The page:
But the pearls themselves weren’t the only thing gained from the absolute pearl madness that swept slowly across the nation. A pearl button industry came in response to the byproduct of mussel shells that were initially thought of as trash. Buttons were stamped from the leftover mussel shells, and suddenly, anyone could afford pearls–even if they were only in the form of buttons.
A pair of brothers came to Uncertain, Texas during the great pearl rush, with their hopes set high on opening up a button factory. They found, instead, that Caddo Lake mussel shells were too thin-shelled for button production.
The brothers had a backup plan, though. Captain Danny Sullivan of Mudport Backwater Tours said the brothers opened a fish camp that they called Johnson’s Ranch.
Incidentally, Johnson’s Ranch is now considered the oldest inland marina in the entire state of Texas.
The pearl industry completely changed when cultured pearls began to dominate the market. Now natural, freshwater pearls aren’t perceived as valuable in the way they once were.
“Mussels are sifters. There was a miniature gold rush here of people looking for pearls,” said Captain Danny Sullivan of Mudport Backwater Tours in July 2023. And that’s where this article began.
Sullivan loves to tell tourists about the great Pearl Rush, the oil rush, the incredible wildlife in the ancient swamp, and the history of steamboats that traveled between Shreveport, La. and Jefferson, Texas, before, during, and after the Civil War. Sullivan loves to take others along on boat rides that defy the stereotype of what it means to be in Texas and show them the meaning of the words ‘government trench.’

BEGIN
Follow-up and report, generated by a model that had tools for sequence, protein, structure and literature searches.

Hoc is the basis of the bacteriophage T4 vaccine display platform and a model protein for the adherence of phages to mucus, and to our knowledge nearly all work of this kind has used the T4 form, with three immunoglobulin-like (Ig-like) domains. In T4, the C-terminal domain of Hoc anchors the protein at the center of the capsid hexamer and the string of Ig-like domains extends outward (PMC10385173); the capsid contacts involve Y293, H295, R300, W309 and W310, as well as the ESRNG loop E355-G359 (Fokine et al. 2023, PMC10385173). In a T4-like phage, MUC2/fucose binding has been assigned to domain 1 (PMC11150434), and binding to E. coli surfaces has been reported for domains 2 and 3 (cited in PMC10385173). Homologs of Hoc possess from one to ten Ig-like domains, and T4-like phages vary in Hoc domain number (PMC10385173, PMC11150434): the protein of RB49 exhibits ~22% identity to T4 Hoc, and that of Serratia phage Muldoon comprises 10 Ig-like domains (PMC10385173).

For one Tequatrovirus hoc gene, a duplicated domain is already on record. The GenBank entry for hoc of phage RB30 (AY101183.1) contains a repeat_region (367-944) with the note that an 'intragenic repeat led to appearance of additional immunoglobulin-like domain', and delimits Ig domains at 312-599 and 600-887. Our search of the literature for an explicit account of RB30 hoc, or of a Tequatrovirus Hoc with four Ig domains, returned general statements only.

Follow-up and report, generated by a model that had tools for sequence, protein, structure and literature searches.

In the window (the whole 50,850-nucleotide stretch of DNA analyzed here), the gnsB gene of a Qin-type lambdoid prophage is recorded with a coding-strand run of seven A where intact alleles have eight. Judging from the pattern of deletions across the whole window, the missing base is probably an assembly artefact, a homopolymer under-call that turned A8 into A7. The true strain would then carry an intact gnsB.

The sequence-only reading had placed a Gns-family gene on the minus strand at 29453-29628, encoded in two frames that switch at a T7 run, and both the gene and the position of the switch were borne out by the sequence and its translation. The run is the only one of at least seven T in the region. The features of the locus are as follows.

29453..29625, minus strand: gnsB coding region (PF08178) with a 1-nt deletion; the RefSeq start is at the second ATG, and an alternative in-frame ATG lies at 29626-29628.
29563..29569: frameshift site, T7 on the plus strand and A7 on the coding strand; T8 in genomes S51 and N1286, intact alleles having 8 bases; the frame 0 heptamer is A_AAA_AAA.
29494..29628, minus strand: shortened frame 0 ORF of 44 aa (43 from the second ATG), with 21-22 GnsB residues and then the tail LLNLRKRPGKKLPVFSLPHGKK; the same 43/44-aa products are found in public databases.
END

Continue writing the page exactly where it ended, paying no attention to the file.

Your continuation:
Pearl hunting in Caddo Lake mostly ended by the 1930s, but are there pearls glistening on the shores of the lake today? Maybe there are, and maybe there aren’t.
Today, Caddo Lake is recognized as the largest Cypress forest in the world. In this era, publications that focus on ecology recognize that the most beautiful thing that can be taken from what remains of The Great Swamp is something called the photograph.
After spending just a little time on Caddo Lake, you’ll realize that the old swamp, with its incredible cypress trees and amber-colored water, is incredibly special. Massive trees and amber water, pearls along the shorelines, and a culture that must be experienced because it can’t be captured with mere words–these are all reasons that this ancient swamp is a priceless, hidden gem that humanity can’t afford to lose.